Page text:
More important for the Jewish world was his second great book, the popular "Emek Habachah," the Vale of Weeping. Whereas his first chronicle made only references to the inhuman treatment of the Jews by the various countries, he now went about writing a special history of Jewish martyrdom. As inspiration and example served him the famous Spanish report of Jewish suffering in Spain and Portugal by the poet Rabbi Samuel Usque. He goes through the history which he had already given a broader treatment in his first book, and shows how Jewish history was linked with the fate of the countries that served as hosts. He shows -how time and again cruel persecution destroyed what Jewish ingenuity had constructed during the short periods of peaceful work. Almost until the last days of his life he worked on this sad chronicle, and he ended with a forewarning of the Divine retribution that was to overtake the Christian rulers and countries for their treatment of the Jews.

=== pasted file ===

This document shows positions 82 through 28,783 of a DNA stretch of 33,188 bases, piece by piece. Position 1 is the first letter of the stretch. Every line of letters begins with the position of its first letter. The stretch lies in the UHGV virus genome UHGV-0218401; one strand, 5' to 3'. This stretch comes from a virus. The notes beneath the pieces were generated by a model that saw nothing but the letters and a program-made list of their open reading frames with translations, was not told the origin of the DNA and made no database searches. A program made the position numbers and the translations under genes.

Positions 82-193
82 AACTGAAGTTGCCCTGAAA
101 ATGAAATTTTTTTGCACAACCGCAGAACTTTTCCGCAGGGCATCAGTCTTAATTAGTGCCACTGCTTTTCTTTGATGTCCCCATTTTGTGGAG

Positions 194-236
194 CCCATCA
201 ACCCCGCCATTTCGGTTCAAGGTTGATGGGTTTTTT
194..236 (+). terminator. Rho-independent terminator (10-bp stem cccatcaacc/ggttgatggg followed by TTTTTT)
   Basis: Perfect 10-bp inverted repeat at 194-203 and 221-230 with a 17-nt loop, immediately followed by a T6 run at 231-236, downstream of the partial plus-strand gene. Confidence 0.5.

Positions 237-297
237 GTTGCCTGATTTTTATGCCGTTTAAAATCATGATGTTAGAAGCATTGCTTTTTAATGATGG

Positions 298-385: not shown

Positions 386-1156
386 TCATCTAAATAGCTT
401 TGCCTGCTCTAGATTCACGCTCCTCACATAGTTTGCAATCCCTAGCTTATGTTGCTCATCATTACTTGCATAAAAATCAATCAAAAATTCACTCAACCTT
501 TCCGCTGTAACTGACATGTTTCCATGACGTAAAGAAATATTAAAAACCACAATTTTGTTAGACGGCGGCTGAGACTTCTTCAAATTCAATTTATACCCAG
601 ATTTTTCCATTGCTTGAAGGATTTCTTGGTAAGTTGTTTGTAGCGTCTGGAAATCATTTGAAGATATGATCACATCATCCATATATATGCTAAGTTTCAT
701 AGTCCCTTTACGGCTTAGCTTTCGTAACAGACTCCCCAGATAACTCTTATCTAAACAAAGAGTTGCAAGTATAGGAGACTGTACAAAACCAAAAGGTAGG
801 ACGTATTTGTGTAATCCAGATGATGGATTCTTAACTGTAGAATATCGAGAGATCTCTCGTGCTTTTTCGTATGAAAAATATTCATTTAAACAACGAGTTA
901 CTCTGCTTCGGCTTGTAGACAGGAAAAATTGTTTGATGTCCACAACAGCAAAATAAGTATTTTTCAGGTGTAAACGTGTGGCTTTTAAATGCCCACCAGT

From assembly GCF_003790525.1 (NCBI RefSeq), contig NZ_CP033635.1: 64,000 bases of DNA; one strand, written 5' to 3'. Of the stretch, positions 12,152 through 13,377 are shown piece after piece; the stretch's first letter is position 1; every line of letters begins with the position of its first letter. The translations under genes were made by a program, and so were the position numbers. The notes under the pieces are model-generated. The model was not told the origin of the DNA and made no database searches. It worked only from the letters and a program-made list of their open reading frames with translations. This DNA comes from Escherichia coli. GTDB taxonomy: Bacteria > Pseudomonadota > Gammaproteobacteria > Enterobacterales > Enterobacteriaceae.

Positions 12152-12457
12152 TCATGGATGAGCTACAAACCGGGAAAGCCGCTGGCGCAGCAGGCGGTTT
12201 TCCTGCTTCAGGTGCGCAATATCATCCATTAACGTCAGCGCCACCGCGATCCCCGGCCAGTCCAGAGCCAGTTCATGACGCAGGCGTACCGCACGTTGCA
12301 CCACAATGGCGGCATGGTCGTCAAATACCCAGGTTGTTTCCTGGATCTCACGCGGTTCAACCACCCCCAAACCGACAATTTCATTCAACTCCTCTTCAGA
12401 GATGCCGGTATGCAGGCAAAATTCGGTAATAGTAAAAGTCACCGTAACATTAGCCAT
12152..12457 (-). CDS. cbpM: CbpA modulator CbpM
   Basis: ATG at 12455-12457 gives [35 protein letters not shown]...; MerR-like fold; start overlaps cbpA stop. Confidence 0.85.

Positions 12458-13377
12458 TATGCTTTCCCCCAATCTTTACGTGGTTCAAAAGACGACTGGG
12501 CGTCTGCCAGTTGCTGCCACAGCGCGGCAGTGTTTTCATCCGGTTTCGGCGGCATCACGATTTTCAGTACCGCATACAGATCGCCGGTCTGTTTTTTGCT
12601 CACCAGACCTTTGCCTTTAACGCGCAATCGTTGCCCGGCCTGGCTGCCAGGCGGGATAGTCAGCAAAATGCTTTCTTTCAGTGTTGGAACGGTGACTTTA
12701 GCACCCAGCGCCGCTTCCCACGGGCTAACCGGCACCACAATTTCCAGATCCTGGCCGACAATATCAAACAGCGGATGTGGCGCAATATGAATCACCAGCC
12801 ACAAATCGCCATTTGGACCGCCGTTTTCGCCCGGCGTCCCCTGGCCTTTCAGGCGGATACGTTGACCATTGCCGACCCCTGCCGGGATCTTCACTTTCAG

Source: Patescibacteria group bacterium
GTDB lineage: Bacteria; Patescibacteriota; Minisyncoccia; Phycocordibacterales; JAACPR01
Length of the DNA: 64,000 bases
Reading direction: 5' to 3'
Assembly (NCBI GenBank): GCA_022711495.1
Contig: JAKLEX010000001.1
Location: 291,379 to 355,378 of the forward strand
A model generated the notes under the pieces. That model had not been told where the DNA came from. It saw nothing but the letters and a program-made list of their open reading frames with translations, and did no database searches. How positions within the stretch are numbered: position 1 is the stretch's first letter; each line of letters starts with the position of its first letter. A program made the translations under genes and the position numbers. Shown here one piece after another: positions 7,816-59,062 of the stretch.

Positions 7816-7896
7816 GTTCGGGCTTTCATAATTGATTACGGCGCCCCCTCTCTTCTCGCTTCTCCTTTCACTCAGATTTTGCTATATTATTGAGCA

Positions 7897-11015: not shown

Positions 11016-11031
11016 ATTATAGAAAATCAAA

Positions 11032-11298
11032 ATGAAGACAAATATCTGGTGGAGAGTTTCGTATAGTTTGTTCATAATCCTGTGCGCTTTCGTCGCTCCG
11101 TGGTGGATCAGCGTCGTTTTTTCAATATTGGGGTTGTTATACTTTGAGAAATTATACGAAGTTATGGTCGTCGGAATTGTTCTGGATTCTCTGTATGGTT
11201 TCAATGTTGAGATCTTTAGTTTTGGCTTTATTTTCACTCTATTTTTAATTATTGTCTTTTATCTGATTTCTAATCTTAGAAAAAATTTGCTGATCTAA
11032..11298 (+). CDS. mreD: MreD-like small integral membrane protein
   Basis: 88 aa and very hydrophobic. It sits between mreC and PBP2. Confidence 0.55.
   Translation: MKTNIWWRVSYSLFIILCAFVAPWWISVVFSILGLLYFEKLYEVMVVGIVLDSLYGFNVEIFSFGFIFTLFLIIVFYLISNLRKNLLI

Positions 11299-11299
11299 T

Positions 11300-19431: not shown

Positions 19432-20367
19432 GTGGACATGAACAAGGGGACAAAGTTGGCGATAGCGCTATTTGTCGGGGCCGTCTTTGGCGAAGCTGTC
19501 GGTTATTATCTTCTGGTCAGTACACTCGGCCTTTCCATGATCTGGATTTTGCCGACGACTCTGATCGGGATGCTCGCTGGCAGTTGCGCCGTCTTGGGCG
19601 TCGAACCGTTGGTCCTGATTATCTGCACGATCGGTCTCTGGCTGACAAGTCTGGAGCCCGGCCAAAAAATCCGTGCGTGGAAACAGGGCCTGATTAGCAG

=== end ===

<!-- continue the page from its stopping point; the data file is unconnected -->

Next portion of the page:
Rabbi Joseph Hakohen wrote also some medical treatises and a description of the conquest of Mexico and of Columbus' discoveries, called "Matziv Gevuloth Amim," (Who Setteth the Boundaries of Nations). He further composed an alphabetical list of Hebrew nouns, with illustrations of their use in the Holy Scriptures. This he called "Peles Hashemoth."

Rabbi Joseph Hakohen died at the age of 81 in Genoa, Italy.